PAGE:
Driving forward: An ode to my (super) mum

How my Mum turned a regular favour for friends and family, into a thriving business. IQRA SAEED writes

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Eleven years ago, my Mum started her own driving school business.

She would drop my siblings and I off to school at 8:30am, a 40-minute drive that was often littered with tantrums and sibling rivalry, come back home, do the housework, and leave again at 2:10pm for a swift pick-up.

When we came home, there would be hot dinner on the table, two different dishes in case one of us (normally the youngest), turned our nose up at it and refused to eat. Magically by the next day, our uniforms would be cleaned, dried, and ironed, and she did it all over again the next day – for years until we were old enough to catch the train independently.

Though she never sat down to have dinner with us because she had to go and do her new, second job – the first of course, being a mother. Until 2006, the Australian census overlooked this job that a lot of our mothers inherently have: unpaid domestic work.

The 2016 data showed that 60 per cent of men did ‘nil or less than five hours’ of unpaid domestic work per week, compared to 36 per cent of employed women.

Now multiply the responsibilities of running your own business and raising six children, and in my eyes, you have yourselves a hero.

It’s easy to forget just how much our mothers sacrifice for us, when they seem to have perfected their schedules to suit their children. My Mum, Kamal Kanti, was only 23 when she left her family, her own mother, in Fiji to pursue what many migrants are familiar with: ‘A better life’.

Working as a nurse’s aide at the St John Ambulance Association in Fiji did not translate as enough qualification for the Australian workforce, so for her livelihood, she landed a job at her local Sizzlers.

Years later, now with a family of six, her new business venture started out as a favour to friends. She noticed that a lot of her friends, who were also mothers, did not have their driving licence. For them, short errands and trips were either turned into long journeys, or just not an option for them where they waited for their husbands to come home.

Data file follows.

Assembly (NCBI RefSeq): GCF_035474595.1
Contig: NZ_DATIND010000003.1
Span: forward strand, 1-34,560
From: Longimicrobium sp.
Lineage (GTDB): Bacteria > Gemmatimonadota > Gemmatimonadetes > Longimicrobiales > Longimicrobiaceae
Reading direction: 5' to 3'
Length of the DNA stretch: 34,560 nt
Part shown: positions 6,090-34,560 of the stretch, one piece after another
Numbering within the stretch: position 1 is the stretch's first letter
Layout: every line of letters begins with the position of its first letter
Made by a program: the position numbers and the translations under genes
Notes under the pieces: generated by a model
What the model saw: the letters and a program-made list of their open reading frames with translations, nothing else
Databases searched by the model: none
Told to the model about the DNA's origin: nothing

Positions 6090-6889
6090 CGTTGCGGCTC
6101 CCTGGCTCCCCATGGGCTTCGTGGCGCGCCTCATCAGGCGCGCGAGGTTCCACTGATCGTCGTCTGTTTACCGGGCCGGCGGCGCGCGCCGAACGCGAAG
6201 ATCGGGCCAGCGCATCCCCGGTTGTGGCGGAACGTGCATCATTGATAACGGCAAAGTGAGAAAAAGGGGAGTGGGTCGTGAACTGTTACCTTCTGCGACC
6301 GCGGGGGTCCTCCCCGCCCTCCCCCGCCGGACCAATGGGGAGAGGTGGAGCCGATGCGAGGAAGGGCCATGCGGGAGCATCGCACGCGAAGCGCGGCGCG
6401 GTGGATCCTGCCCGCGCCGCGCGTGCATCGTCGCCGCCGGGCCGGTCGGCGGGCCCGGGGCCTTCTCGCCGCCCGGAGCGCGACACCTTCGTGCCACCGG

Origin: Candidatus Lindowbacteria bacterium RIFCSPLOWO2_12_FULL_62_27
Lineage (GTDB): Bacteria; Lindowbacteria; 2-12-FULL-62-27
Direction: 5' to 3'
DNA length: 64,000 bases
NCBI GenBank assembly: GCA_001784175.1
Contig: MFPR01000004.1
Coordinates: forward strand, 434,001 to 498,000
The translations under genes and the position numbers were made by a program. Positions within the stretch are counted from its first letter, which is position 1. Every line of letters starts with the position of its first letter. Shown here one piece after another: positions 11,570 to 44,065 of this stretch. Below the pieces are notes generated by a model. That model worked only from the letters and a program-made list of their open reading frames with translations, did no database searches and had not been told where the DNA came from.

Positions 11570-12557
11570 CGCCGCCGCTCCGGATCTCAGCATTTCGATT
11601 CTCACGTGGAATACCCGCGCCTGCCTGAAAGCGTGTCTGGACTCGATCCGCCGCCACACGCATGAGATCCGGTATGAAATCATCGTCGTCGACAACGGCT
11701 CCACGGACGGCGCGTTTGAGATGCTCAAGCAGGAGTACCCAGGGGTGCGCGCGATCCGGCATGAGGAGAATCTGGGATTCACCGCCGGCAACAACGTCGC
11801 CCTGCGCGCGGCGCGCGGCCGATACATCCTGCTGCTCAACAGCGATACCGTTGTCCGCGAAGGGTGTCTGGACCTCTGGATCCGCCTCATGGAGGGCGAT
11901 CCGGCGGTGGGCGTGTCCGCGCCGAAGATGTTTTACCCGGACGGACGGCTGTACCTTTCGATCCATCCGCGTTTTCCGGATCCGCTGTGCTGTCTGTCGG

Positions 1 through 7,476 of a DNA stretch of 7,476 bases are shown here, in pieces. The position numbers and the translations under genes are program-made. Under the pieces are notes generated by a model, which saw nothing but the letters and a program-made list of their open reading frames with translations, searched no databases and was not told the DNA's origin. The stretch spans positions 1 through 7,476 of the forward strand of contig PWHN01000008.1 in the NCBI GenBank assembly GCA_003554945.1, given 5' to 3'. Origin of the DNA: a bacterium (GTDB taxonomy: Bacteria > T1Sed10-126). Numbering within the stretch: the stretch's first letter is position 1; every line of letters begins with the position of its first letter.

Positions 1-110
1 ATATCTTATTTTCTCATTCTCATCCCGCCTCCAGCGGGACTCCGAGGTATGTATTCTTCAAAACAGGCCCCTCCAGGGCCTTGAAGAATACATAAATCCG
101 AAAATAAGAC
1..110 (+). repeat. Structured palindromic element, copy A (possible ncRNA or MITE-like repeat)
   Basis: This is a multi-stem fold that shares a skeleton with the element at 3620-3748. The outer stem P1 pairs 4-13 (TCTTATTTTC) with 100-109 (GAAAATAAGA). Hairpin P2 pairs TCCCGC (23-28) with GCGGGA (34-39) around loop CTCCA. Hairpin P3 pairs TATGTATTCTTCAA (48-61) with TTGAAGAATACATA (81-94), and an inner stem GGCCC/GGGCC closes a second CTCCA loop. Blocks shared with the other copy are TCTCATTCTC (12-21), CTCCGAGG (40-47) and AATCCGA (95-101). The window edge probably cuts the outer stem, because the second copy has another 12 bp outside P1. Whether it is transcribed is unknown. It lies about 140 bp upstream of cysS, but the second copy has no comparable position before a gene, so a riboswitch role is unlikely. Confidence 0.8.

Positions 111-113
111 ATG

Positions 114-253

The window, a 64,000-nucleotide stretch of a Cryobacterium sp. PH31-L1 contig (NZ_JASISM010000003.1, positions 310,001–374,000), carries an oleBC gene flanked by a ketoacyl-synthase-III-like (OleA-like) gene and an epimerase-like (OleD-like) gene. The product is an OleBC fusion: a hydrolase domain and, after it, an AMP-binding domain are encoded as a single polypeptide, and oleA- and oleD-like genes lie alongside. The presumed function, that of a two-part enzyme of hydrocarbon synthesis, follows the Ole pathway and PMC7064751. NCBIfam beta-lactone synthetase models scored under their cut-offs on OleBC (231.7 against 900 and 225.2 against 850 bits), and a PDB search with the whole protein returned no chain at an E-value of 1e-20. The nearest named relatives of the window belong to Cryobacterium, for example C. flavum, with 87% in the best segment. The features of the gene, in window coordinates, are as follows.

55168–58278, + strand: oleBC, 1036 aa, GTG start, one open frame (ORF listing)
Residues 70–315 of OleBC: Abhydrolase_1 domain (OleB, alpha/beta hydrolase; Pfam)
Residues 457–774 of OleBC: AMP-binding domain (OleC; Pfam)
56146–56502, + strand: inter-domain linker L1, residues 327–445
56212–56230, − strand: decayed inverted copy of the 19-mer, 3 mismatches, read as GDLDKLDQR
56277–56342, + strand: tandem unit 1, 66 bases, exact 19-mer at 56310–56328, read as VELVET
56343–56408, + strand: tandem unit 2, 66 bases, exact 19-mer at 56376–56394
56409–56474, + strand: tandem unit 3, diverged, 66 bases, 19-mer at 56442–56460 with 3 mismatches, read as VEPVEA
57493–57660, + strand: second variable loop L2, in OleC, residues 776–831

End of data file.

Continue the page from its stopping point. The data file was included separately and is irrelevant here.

Driving was a form of agency that my Mum believed every woman should have at no cost. She would sit with many of her friends, all of my Aunties taking turns behind the wheel of my family car for a few hours a week, until they would come back months later with gratitude, a wide grin, and mounds of mithai, with their Red P plates.

For some of them, they would already have their P1 Provisional licence, but just not the confidence to drive on busy roads, so she would tag along in their cars and support them whilst they ran errands. Again, she did not see this as work, and did not accept any fees because her friends getting their license was payment enough.

After some nagging from her friends, and the realisation that this was her niche, my Mum worked up the confidence to return to school, having left in Year 10, and successfully completed a TAFE course to become a professional driving instructor in her 40s.

What started off as a small favour for friends turned into a flourishing business, where she just keeps driving forward.

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